Can my fan or air conditioner spread coronavirus? Your COVID-19 questions answered
From fans to air conditioning, we answered your hot summer questions
We're breaking down what you need to know about the pandemic. Send us your questions via email at COVID@cbc.ca and we'll answer as many as we can. We'll publish a selection of answers every weekday on our website, and we're also putting some of your questions to the experts on the air during The National and on CBC News Network. So far we've received more than 45,000 emails from all corners of the country.
Can the air blowing from air conditioning and fans spread the coronavirus?
We've received a lot of questions from readers like Amy C. concerned about the risks of catching the coronavirus from air conditioning and whether the units are safe to use during the pandemic.
First, it's important to understand that the virus that causes COVID-19 isn't airborne, according to the World Health Organization (WHO). The scientific consensus is the virus is primarily spread through droplets when an infected person coughs or sneezes.
So could turning on the AC or a fan blow these droplets at you?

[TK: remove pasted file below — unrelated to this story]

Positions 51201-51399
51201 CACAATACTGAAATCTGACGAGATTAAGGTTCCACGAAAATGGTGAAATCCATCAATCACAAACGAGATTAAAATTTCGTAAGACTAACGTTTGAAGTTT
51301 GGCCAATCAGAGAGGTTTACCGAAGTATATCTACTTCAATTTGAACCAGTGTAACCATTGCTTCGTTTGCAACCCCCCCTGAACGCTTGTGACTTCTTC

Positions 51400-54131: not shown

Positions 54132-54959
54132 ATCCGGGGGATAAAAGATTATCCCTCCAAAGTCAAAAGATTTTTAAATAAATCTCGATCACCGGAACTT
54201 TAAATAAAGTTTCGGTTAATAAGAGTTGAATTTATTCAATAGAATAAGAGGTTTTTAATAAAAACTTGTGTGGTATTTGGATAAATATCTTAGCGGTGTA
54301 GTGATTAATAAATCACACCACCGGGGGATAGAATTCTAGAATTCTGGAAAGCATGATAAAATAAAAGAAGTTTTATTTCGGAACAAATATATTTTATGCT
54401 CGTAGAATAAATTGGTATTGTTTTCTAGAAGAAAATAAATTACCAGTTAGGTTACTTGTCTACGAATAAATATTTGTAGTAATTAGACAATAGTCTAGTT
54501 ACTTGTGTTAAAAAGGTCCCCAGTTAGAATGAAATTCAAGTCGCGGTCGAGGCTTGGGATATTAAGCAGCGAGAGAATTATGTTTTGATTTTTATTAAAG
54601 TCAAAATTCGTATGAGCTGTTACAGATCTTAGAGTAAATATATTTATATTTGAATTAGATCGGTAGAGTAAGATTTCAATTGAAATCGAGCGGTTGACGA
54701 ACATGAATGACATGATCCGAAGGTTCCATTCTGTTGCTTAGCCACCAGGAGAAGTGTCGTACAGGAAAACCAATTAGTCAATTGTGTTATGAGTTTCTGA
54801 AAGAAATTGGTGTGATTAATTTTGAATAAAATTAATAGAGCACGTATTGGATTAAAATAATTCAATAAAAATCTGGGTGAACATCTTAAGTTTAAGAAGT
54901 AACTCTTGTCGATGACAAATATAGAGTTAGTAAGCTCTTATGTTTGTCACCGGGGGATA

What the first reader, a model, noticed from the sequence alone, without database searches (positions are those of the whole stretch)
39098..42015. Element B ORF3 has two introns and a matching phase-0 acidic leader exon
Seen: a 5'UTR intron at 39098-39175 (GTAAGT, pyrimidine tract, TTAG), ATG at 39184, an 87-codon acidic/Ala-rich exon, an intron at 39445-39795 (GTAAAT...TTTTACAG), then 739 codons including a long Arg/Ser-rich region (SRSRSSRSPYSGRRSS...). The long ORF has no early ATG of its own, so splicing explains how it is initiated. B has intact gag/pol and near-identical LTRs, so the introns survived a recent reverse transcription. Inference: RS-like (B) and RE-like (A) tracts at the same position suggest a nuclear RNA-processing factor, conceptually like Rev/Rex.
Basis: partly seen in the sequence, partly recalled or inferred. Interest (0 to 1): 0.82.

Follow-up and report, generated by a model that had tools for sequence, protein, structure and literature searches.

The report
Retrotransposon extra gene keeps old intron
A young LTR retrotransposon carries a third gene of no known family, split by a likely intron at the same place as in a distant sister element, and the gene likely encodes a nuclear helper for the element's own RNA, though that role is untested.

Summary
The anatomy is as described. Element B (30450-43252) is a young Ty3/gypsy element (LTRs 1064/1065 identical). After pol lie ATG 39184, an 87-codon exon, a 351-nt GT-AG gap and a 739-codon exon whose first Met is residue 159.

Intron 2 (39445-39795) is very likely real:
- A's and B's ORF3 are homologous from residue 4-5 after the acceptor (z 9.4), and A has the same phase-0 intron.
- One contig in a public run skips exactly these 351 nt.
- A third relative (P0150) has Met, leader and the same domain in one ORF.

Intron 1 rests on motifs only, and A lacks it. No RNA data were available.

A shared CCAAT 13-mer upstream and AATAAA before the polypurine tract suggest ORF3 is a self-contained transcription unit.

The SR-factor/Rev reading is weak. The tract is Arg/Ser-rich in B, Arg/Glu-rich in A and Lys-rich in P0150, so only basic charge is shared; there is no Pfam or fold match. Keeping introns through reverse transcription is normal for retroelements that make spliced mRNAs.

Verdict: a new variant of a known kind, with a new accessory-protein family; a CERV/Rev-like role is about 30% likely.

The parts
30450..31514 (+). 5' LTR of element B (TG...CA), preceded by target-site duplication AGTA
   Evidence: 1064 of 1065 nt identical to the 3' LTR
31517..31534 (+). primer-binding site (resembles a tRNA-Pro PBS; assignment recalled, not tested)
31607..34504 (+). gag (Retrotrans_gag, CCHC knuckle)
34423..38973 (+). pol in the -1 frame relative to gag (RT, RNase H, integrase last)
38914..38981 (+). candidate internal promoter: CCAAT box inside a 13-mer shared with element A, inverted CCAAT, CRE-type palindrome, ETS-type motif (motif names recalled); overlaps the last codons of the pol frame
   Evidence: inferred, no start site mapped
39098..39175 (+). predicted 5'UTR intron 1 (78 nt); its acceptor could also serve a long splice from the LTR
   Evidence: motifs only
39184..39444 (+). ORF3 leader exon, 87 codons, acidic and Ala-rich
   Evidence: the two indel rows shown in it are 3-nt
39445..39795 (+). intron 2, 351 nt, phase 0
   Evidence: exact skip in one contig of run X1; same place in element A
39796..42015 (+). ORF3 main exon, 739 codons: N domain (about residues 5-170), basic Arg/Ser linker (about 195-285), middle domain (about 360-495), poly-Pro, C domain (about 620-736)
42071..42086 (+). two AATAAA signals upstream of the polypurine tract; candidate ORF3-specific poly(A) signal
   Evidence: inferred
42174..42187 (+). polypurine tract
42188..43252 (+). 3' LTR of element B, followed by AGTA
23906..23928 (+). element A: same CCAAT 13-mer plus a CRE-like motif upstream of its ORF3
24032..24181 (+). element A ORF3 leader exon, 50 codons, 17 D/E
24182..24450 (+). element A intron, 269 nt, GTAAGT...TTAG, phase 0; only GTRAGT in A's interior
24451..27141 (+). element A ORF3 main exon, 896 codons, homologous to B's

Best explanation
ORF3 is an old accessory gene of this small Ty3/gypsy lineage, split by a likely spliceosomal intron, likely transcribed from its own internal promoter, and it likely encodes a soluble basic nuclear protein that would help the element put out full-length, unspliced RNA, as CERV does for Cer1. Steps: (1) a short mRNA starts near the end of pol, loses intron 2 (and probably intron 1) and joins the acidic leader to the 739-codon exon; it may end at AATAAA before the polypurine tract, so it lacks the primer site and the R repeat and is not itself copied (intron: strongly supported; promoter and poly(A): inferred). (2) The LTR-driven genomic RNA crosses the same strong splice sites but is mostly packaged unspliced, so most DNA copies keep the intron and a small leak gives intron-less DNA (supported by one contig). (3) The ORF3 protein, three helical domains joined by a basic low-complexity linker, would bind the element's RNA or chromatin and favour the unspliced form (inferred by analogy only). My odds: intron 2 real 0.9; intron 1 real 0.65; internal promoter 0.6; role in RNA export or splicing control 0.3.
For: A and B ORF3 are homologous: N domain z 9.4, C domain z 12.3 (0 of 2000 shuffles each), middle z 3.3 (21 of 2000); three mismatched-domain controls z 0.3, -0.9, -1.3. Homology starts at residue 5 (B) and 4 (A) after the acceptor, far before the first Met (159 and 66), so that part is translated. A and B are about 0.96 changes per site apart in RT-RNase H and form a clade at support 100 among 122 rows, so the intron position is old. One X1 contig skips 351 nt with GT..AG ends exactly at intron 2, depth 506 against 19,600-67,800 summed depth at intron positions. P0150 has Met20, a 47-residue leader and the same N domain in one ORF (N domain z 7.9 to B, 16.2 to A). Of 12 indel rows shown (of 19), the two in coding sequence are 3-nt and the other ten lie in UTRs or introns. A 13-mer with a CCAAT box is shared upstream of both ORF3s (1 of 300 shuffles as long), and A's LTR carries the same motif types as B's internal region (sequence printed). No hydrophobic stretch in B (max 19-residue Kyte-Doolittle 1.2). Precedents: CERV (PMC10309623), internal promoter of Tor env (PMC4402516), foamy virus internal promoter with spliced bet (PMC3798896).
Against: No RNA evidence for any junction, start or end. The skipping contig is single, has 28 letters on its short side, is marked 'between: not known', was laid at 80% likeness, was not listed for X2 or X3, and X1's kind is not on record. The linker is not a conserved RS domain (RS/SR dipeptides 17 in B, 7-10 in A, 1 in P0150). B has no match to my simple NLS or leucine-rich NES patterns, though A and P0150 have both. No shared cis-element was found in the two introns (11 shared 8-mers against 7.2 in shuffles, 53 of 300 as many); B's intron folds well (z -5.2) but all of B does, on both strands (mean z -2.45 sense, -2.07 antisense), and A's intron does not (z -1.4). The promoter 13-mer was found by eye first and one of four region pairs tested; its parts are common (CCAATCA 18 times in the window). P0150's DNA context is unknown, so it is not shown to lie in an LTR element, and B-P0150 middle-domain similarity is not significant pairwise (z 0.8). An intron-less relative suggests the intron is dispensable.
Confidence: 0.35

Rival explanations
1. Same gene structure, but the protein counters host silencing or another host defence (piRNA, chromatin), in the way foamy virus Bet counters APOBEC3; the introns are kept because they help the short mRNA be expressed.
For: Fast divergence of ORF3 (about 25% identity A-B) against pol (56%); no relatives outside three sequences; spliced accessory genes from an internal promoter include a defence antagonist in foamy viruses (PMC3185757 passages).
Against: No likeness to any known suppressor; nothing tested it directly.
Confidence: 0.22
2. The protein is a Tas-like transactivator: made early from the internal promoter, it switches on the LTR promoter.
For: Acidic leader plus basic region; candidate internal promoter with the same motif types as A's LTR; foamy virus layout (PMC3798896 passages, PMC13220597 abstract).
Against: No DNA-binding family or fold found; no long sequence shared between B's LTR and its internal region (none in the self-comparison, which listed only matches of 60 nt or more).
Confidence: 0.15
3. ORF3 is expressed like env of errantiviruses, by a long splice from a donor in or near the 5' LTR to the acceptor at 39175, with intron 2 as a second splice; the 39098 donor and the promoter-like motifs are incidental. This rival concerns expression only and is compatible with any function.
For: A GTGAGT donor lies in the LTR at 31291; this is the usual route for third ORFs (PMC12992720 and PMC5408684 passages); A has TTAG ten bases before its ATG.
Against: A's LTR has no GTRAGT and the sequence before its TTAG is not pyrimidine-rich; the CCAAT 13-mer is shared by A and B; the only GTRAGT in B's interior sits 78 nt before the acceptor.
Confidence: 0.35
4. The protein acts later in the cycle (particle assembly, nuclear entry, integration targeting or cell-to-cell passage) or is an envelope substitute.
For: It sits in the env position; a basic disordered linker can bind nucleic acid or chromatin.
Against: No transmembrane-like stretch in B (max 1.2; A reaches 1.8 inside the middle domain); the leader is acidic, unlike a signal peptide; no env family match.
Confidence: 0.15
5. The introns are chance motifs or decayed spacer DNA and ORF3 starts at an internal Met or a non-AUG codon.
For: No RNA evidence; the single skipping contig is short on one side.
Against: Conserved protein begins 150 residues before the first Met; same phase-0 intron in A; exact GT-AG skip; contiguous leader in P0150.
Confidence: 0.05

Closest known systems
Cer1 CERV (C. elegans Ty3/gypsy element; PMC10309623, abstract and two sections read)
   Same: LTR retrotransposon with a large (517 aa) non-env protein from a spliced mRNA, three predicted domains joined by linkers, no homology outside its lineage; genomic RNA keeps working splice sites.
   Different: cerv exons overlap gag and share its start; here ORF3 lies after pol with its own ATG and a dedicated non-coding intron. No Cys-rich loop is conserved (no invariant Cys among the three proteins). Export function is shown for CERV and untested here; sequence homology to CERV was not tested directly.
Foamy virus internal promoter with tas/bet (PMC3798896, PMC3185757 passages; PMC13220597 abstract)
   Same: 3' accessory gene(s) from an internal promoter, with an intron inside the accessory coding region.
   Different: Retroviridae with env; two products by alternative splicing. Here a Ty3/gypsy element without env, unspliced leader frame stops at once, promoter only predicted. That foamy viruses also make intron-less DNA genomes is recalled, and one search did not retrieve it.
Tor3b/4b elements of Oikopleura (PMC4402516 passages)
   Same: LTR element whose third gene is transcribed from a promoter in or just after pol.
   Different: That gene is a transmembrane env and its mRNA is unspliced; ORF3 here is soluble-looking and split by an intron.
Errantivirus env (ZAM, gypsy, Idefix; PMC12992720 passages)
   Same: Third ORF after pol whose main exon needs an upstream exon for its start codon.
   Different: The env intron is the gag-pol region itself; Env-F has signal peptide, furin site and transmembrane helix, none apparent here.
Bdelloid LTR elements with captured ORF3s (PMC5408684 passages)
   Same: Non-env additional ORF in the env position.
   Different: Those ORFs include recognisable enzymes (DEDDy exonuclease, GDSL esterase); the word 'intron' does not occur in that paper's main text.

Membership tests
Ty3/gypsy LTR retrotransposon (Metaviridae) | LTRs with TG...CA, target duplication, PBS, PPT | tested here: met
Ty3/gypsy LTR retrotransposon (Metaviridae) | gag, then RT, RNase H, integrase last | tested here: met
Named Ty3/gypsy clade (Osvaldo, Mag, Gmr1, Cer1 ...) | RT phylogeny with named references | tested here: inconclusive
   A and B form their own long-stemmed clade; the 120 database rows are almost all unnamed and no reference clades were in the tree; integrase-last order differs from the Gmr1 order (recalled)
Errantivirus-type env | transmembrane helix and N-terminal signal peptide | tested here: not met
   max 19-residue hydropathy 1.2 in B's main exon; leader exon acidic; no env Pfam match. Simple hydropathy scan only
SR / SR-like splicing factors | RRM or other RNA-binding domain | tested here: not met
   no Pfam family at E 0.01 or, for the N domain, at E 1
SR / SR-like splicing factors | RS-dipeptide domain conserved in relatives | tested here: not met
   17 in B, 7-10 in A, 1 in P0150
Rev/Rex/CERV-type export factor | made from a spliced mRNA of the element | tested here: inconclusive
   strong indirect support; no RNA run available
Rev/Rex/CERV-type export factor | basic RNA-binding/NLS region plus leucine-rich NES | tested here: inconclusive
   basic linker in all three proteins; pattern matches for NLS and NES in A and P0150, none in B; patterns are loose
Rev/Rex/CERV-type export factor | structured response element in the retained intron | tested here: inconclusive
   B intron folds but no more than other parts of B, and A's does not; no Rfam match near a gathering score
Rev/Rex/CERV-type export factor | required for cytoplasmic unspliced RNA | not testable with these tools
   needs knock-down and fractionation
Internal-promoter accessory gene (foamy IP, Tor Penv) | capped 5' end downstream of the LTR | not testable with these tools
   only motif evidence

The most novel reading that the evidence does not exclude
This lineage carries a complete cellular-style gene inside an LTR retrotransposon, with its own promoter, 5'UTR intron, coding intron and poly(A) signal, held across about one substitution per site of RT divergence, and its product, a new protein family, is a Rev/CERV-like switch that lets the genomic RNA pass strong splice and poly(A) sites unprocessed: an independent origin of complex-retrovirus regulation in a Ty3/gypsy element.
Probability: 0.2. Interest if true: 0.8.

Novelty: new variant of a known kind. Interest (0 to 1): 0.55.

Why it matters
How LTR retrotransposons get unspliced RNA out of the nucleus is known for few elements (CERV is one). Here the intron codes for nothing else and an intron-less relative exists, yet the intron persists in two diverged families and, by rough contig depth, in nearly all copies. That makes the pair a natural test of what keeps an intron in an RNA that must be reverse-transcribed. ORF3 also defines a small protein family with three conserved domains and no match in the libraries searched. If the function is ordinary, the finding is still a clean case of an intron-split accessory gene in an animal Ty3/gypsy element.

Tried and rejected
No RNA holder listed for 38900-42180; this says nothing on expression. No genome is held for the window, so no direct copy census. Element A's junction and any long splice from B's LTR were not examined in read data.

In a statement, the Public Health Agency of Canada said there's "no evidence that the SARS-CoV-2 virus gets into and is dispersed by heating, ventilation and air conditioning systems."
The agency said that as a precaution, you should ensure "appropriate ventilation to reduce the risk of propelling droplets between spaces, especially from an infected person's space to that of others."
"The use of fans and single air conditioning units in an indoor space where the space is shared by multiple people could, potentially, facilitate the dispersion of infected droplets," it said.
That means that if someone who has the virus coughs or sneezes, and there's a fan in the room, the fan could potentially spread droplets further than they'd normally go.
One preliminary, non-peer-reviewed study published on the Centers for Disease Control website suggests the source of a January outbreak of the novel coronavirus in Guangzhou, China, "was prompted by air-conditioned ventilation."
The woman deemed to have been the source of the outbreak was seated in an air-conditioned restaurant with no windows and was more than a metre away from others who became infected and had no other source of exposure to the virus, the researchers found.
While transmission this way might be possible, air conditioning is not likely to be "the main mechanism of spread in most places," said Dr. Lisa Barrett, an infectious disease specialist at Dalhousie University.
William Bahnfleth, head of the COVID-19 task force formed by the American Society of Heating, Refrigerating and Air-Conditioning Engineers, said in the case of the restaurant, the absence of fresh air could have caused a "concentration of infectious material."
So while the research into the coronavirus and air conditioning and ventilation isn't conclusive, there are some things you can do to help ease your mind.